The coastal landslides of Shetland

Colin K. Ballantyne, Sue Dawson, Ryan Dick, Derek Fabel, Emilija Kralikaite, Fraser Milne, Graeme F. Sandeman, Sheng Xu

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7 Citations (Scopus)


Little is known of hard-rock coastal landsliding in Scotland. We identify 128 individual coastal landslides or landslide complexes >50 m wide along the coasts of Shetland. Most are apparently translational slides characterized by headscarps, displaced blocks and/or debris runout, but 13 deep-seated failures with tension cracks up to 200 m inland from cliff crests were also identified. Thirty-one sites exhibit evidence of at least localized recent activity. Landslide distribution is primarily determined by the distribution of coastal cliffs >30 m high, and they are preferentially developed on metasedimentary rocks. Analysis of 16 landslides on Fetlar (NE Shetland) indicates that most are translational dip-slip failures; 3 represent deep-seated failures and several exhibit active frontal erosion attributable to basal sapping by storm waves. As these landslides terminate in shallow water, failure was probably initiated when rising sea level resulted in footslope erosion and upslope propagation of instability, causing downslope displacement of landslide blocks on upper slopes. 10Be exposure dating of two headscarps yielded ages of 4.8 ± 0.2 ka and 4.4 ± 0.2 ka, consistent with the onset of footslope erosion as sea level rose. Our results suggest that landslides have played a hitherto undocumented but important role in retreat of cliffed coastlines in Scotland.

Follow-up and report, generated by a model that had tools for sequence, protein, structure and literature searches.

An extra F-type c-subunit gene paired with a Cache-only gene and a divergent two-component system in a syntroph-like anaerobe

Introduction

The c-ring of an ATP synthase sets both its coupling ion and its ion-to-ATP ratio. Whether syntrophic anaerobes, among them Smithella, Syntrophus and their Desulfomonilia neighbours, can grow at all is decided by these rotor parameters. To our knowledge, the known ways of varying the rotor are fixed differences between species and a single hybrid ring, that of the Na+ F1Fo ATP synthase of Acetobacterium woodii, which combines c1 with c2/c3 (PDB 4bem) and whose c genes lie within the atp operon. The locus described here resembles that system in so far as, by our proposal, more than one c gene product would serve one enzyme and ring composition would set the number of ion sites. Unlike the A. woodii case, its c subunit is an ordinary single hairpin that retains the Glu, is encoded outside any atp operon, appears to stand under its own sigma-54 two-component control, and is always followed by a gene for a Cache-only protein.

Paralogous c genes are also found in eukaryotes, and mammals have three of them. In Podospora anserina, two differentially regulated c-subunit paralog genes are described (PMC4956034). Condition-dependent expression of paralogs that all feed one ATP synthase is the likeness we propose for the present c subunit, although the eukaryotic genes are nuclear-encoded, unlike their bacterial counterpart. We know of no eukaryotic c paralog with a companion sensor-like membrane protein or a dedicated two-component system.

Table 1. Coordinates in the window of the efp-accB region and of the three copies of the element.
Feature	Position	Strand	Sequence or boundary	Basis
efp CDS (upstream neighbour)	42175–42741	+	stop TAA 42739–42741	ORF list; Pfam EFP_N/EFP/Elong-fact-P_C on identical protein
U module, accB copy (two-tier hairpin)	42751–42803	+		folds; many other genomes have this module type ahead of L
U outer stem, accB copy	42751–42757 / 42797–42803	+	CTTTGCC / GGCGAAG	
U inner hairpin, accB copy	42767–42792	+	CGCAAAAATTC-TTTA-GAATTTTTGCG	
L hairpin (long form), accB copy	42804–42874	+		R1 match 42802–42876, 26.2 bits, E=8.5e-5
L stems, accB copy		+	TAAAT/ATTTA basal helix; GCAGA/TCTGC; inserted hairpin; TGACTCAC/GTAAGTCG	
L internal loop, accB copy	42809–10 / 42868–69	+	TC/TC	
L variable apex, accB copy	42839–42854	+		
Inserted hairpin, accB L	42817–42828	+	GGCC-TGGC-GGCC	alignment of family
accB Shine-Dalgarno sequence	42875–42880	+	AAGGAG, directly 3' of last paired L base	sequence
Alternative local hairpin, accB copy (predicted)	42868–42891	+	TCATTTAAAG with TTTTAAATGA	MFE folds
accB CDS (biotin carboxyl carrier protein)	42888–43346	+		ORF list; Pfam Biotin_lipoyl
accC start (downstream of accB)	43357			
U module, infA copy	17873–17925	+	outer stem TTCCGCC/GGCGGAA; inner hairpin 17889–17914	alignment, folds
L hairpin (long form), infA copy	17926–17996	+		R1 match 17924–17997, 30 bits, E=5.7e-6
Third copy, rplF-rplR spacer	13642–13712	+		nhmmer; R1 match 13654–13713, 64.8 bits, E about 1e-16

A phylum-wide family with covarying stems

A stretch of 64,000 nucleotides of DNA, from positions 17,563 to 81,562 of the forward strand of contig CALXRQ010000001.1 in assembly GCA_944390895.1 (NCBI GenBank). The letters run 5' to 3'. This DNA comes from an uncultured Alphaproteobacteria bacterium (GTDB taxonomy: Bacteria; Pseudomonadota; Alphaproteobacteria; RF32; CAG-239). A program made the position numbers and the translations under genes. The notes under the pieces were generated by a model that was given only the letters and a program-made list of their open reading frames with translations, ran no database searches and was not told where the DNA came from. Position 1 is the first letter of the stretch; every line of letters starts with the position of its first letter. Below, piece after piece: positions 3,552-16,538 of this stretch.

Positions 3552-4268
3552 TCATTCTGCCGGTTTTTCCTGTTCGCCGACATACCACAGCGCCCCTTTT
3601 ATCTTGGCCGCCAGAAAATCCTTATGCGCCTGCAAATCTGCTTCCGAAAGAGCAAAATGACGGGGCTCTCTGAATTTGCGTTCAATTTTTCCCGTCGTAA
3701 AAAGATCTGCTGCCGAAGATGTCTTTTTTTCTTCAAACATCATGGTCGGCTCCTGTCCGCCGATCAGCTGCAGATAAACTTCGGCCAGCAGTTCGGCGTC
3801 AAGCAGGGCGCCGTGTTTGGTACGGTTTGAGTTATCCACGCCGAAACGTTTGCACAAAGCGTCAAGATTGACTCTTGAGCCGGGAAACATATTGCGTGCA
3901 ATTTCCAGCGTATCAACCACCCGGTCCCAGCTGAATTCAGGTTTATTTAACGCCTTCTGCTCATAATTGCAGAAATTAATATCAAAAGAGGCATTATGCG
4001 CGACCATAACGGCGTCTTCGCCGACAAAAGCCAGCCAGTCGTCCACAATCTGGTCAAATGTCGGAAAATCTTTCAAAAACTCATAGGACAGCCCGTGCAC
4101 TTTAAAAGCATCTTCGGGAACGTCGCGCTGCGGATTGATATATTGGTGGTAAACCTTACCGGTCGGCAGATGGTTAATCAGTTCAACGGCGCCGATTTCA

Original languageEnglish
Pages (from-to)71–96
Number of pages26
JournalScottish Geographical Journal
Issue number1-2
Early online date6 Apr 2018
Publication statusPublished - 2018


  • Coastal landslides
  • Rock-slope failure
  • Sea-level rise
  • Arrested translational slides
  • Deep-seated failure
  • Cosmogenic 10Be exposure dating


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